Imagine that you are the most creative, the most talented, the strongest, the bravest, or the most compassionate person among those you know, or know of.
Perhaps you’ve gained a medal at a recent Olympic Games, after years, or decades of training and discipline. Your successes, your resolve, your discipline in the face of adversity, have instilled in you a can-do attitude that empowers you, enabling you to push through difficulties, come what may.
Imagine though, that at some point you start identifying with some group. What would happen? If you primarily identify with a group, you immediately diminish yourself. You can no longer be the most creative, or the most compassionate, or the bravest. You can at best be the average of the group, since the group can only be known by its average, by its perceived reputation, by its perceived degree of, or perceived lack of compassion, strength, honesty, and creativity.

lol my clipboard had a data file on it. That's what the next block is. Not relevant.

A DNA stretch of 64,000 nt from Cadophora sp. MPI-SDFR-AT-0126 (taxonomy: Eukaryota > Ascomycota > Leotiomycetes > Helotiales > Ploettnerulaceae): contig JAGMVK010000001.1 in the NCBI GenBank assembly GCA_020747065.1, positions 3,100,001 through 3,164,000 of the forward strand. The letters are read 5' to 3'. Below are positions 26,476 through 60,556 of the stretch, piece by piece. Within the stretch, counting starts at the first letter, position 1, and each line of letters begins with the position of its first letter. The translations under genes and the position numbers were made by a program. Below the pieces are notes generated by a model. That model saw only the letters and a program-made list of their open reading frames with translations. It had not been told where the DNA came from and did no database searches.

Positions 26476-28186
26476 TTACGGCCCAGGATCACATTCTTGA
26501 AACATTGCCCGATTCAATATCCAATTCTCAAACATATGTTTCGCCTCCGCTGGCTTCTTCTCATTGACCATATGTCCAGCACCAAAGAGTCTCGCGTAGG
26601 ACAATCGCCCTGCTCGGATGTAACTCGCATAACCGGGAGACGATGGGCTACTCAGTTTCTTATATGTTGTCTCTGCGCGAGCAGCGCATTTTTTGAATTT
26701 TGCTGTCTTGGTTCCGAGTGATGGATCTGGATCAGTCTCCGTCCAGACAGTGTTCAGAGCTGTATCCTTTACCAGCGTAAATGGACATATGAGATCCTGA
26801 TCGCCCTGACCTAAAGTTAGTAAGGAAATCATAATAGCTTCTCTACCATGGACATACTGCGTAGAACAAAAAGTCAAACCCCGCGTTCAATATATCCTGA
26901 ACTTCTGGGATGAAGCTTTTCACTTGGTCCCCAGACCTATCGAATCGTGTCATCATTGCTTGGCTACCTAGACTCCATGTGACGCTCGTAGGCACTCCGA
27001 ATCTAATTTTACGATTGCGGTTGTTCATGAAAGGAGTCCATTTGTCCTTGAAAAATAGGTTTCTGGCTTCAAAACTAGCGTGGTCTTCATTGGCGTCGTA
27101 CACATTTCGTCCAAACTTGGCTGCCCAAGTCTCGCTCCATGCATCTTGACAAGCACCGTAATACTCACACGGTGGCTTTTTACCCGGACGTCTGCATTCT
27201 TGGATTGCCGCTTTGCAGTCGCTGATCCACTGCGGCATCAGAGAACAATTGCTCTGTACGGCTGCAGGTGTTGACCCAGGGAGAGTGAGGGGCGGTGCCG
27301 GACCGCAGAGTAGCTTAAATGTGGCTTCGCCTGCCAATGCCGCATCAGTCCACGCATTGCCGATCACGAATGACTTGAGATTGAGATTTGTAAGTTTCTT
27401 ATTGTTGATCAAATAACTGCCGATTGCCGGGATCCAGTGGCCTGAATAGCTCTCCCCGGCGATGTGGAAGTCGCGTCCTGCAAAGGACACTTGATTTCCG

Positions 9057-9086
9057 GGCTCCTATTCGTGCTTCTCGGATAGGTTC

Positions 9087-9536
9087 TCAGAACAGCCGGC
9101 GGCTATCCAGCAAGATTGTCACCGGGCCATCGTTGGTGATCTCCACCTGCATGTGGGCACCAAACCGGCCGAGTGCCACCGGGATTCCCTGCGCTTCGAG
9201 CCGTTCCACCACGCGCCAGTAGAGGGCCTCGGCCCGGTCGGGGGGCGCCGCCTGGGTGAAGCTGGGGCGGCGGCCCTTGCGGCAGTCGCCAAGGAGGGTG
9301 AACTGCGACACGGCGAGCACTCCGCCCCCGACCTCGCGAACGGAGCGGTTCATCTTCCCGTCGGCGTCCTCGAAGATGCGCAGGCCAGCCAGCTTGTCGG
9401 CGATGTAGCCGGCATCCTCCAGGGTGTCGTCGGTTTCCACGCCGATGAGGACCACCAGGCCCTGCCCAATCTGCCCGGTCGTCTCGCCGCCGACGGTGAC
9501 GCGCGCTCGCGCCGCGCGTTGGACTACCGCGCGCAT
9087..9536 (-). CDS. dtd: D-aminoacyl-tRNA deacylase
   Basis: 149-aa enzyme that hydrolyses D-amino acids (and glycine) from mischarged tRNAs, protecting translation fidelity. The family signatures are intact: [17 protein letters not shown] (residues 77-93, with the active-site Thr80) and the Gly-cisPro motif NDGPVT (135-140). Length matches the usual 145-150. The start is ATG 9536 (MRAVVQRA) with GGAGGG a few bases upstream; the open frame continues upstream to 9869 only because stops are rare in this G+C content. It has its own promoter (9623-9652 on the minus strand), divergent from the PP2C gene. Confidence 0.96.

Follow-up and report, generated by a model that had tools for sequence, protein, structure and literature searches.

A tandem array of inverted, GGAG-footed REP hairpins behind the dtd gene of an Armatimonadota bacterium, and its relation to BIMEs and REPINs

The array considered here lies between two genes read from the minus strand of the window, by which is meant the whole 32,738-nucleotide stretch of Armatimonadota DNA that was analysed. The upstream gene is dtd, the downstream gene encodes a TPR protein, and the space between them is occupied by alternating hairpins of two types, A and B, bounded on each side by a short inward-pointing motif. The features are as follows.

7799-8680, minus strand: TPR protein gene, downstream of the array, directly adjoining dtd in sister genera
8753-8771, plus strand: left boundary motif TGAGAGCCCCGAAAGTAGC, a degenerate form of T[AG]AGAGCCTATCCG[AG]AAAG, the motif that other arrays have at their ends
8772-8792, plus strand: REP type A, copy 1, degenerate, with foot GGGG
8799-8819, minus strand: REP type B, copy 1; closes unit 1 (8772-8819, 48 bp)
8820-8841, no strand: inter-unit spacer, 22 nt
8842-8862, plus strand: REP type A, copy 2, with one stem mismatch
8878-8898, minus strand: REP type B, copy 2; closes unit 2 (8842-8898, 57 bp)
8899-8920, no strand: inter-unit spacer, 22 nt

Even if you belong to some elite group, that group can’t fully reflect your unique abilities and strengths – your choices, successes, hair-style, fashion, and so on.
Group-ism, tribalism, socialism, collectivism – when used as a primary means of identity – all diminish the rambunctious, vibrant individuality of those within said groups, tribes and collectives.
Collectivism, in its various forms, as for example that which was applied in the Soviet Union, given its innate dis-empowerment of the citizens, can and must result in widespread mediocrity, in the form of poverty, crime, disability, starvation, violence and so forth.
Now, as to why we’ve seen a trend toward collectivism, in our Western culture, commonly called woke, or cancel culture, and identity politics – let’s start with a rudimentary understanding of life.
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